Grammatica Reference Manual

Handling Ambiguities

Grammar ambiguities are points in the grammar where multiple alternatives conflict. As the parser is deterministic, a single alternative must be chosen and grammar ambiguities are therefore not allowed.

By looking several tokens ahead, a parser is able to resolve some grammar ambiguities. The LL parser in Grammatica supports looking many tokens ahead. See the figure below for a simple example that can be resolved by looking more than one token ahead.

Prod = "a" "b"
     | "a" "c" ;

Figure 1. A simple grammar ambiguity. This ambiguity cause problems for parsers with a single look-ahead token, but Grammatica can handle it by resorting to two look-ahead tokens.

Unfortunately, most ambiguities are not as easy to resolve automatically as the one in the figure above. An infinite number of look-ahead tokens may for example not be enough if the collision can itself consist of an infinite number of tokens. In these cases, the grammar must be rewritten to remove the ambiguity. In the figure below one such ambiguity and a resolution is shown.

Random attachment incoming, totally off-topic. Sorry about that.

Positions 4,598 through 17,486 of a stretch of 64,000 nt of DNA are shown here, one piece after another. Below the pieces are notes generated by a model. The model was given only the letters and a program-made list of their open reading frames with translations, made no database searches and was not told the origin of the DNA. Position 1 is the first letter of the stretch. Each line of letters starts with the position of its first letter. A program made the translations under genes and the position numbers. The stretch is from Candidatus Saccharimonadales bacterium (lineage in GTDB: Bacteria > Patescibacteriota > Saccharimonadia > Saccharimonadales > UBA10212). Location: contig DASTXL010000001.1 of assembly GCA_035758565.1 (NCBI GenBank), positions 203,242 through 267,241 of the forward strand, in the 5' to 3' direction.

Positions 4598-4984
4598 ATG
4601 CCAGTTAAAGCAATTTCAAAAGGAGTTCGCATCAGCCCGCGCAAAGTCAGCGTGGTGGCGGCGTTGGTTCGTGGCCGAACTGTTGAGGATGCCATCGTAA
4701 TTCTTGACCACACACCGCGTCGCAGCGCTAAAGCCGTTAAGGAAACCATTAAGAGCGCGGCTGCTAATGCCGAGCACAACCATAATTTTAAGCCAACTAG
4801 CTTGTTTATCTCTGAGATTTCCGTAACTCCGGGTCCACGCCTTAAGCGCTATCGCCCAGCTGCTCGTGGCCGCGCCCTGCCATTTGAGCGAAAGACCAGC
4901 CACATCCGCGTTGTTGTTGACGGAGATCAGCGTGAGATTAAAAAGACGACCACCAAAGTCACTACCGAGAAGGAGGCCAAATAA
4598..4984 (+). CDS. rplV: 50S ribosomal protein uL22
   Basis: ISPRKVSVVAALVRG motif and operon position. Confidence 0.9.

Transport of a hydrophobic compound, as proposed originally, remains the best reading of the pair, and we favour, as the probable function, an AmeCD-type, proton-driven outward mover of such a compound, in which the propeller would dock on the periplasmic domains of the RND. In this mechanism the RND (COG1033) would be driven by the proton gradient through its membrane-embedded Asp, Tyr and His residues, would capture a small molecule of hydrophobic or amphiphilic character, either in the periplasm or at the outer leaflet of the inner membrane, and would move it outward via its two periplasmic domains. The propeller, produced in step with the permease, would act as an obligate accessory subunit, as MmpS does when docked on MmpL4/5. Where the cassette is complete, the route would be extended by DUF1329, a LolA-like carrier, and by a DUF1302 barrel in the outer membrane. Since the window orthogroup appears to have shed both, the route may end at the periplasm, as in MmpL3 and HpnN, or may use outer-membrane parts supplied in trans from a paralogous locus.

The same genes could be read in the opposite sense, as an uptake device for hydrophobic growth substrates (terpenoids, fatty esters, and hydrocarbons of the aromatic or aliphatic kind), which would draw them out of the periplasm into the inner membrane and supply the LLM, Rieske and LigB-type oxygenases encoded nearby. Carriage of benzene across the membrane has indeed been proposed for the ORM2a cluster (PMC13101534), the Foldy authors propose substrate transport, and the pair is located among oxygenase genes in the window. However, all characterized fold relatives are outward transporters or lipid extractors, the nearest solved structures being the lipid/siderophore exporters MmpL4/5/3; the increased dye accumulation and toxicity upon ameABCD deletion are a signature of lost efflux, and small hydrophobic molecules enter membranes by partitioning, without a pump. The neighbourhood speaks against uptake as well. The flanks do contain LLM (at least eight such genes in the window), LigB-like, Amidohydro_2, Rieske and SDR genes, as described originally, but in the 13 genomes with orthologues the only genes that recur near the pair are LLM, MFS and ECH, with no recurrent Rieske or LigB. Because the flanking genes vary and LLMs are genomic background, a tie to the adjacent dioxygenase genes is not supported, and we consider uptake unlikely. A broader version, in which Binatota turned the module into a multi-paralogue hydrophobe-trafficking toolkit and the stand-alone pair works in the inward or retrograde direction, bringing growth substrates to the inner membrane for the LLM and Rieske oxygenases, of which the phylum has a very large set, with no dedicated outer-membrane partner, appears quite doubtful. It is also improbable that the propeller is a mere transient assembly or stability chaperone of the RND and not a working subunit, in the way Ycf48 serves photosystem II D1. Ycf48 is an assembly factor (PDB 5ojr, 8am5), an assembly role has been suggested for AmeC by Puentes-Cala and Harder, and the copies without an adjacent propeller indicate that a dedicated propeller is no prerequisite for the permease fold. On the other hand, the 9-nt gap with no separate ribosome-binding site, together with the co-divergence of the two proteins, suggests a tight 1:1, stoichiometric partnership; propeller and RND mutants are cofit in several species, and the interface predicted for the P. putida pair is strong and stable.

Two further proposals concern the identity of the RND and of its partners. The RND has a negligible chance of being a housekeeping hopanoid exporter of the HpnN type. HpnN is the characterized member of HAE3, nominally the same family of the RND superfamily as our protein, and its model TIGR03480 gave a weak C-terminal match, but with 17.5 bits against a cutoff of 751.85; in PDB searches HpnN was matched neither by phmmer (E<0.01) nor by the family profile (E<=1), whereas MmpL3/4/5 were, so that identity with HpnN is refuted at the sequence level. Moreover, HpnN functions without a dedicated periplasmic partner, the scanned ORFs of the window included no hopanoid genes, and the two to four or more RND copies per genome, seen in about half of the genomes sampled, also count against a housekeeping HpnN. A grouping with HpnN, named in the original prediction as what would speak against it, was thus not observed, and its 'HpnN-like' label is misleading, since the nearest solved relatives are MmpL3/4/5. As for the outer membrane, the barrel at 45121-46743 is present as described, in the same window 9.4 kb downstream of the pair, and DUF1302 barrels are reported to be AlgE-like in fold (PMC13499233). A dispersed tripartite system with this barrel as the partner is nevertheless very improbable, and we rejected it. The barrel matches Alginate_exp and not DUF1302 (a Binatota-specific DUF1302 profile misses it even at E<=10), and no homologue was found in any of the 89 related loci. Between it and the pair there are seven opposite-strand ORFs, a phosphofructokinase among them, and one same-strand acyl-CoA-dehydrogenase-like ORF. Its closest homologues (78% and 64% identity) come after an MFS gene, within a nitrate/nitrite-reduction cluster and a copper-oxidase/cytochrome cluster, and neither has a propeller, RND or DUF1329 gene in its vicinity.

OldProd = "a"* "b"
        | "a"* "c" ;

NewProd = "a"* ProdTail ;

ProdTail = "b"
         | "c" ;

Figure 2. An unresolvable grammar ambiguity and a refactored production. As the number of conflicting tokens is potentially infinite, this ambiguity cannot be resolved by the use of a look-ahead parser. Instead the production must be split into two, as illustrated by NewProd and ProdTail.

Unresolvable ambiguities can also occur due to loops in the grammar, causing some token sequence to possibly be repeated infinitely. Some ambiguities are also caused by an optional reference conflicting with the next reference inside a production alternative. All these types of ambiguities are detected by Grammatica and reported to the user.